It was by pure chance that I ended up with TWO huge LOMO zooms a couple of years ago. One of them was the LOMO 35OPF18-1 20-120mm T/3.3. The lens is an absolute monster – as you can see side by side with Canon’s EF 70-200mm f/2.8L. But the subject of today’s post is the much smaller 35OPF1-1.
LOMO’s 20-120mm vs Canon’s 70-200mm.
This is NOT the lens I’m reviewing here!
A little history
This is a big one, coming in a big metal case full of Cyrillic writing. The 35OPF1-1 is a 50-150mm designed and made in the experimental optics factory CKBK. The same factory responsible for the superspeed LOMOs and some of rares anamorphics ever. This 1984 model comes in OCT-19 mount. OCT-19 is the Russian version of the PL mount, sturdier, of course. I’m using an OCT-19 to EF adapter.
As a film lens, it was designed to cover a film frame, meaning S35 coverage. On full frame you get lots of subtle vignetting and some not so subtle vignetting at the wider focal lengths. On S35 it delivers optimal performance.
Specs and hard data
Minimum focus is 1.2m (4ft) and aperture ranges from f/2.2 to f/4. T/3.3 to T/5.6 according to markings on the lens. Yep, it’s a pretty limited aperture and I don’t fully understand their reasons for it… Such narrow range ensures that the eight blades keep bokeh perfectly round through all values. All rings are butter smooth in this copy and the aperture ring is maybe even a bit too smooth. It offers no resistance to turning.
This beast weighs 3.5kg (7.7 pounds) and measures 25cm (10 inches) from top to bottom. The filter thread is 105mm and the full focus throw to infinity is 300 degrees.
My copy is plagued with fungus, though. It came like that from the previous owner. Fortunately, the parasites are already dead. They haven’t grown at all in the years I’ve had this lens for. You can take a better look at the lens and the fungus in this album.
Now the interesting stuff
Every time I put this lens on I think I should find ways of making it work for me. I never think I should get rid of it. This lens delivers all the artifacts I work hours to achieve in post. But here they’re at the perfect amount and much more organic than what I achieve in post.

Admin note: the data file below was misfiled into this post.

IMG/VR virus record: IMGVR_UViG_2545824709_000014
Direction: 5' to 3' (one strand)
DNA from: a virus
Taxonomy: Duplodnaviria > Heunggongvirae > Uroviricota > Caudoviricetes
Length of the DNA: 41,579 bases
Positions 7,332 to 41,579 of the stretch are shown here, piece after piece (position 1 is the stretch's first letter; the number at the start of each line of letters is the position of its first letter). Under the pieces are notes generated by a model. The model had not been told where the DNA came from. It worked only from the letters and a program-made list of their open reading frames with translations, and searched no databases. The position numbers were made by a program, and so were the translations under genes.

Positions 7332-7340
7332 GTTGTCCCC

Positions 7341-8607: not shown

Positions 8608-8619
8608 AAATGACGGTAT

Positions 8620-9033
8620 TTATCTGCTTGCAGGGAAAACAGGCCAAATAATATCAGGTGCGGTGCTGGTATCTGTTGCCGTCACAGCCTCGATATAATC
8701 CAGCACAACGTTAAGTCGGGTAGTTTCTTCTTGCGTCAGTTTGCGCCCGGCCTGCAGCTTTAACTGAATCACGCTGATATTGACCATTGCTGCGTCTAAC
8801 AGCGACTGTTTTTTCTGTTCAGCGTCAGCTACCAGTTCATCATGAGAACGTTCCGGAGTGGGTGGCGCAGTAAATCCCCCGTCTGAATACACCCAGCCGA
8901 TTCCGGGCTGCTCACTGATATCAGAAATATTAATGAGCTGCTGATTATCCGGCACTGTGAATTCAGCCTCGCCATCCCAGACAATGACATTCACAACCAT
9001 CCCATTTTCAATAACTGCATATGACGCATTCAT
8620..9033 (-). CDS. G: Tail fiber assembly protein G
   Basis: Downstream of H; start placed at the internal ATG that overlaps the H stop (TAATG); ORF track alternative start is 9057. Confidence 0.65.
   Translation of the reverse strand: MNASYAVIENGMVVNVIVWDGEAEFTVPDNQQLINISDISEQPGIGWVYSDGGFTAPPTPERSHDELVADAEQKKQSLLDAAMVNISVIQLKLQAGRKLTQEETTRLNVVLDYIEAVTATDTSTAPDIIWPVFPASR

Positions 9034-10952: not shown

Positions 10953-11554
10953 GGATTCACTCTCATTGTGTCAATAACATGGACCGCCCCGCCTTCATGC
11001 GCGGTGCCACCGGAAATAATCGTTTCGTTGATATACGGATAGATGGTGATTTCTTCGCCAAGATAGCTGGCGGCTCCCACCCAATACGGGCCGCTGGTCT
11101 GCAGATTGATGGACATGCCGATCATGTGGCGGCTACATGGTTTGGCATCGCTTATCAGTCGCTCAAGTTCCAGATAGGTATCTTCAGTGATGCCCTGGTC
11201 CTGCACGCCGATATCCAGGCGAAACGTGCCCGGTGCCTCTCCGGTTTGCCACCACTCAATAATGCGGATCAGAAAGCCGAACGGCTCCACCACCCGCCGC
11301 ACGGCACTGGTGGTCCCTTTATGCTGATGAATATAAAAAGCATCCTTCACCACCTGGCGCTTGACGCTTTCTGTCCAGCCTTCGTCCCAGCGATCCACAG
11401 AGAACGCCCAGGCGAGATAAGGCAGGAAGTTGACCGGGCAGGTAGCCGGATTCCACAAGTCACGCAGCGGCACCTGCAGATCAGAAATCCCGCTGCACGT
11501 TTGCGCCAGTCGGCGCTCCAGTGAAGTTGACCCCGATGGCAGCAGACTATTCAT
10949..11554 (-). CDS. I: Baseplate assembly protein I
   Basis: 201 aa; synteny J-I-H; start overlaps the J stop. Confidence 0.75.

Chromatic aberration is strong around the corners. Actually, pretty much on all high contrast edges at the longer end the blue channel splits from the others. You can spot that around Ariana’s face in some of the close ups. It doesn’t bother me so much, as it seems subtler on the focused areas.
Speaking of focused areas, you can definitely tell when something is in focus. Even at f/2.2 and the roll off to the out-of-focus areas is milky and pleasant. It gives the image a dreamy quality that I seek.
Bokeh looks like soap bubbles – the famous and expensive trioplan look -, with sharper edges around the circles. In some shots you can notice a dark shape in the center of bokeh. That is being caused by the biggest fungus spot on the glass.
My favorite part about this lens is the blooming and flaring, definitely. You can spot it right away in all of the sunset shots and when strong light hits the glass. The warm tones and highlights bleed onto the darker foreground (mostly Ariana’s face or jacket) in a way that I am yet to learn how to fake in post.
All of these artifacts combined give the lens a look that is the complete opposite of modern glass. I’m using this video as the supreme example of why I choose to shoot using vintage glass and pursue this road of unusual optics.
In terms of usability, this lens requires some sort of support system. From what I’ve seen in Olex’s video of its turnaround, there is a Russian support, but mine came without it. So far, I’ve been working out my arms. If you want to use this in real life, you should really come up with a solution.
A good thing when adapting OCT-19 to modern cine cameras is that the mount is easily replaced with a PL mount.
OCT-19 mount, a beefed up PL mount
Overall, this is powerful long zoom, going from a normal length (50mm) to super tele (150mm) able to keep a fast and constant aperture through its entire range. Size and weight are definitely a challenge if you’re shooting run and gun, but not so much if you’re used to cinema super zooms. All the optical craziness can be seen as a positive or negative factor, depending on how you like the look of your footage straight from camera.
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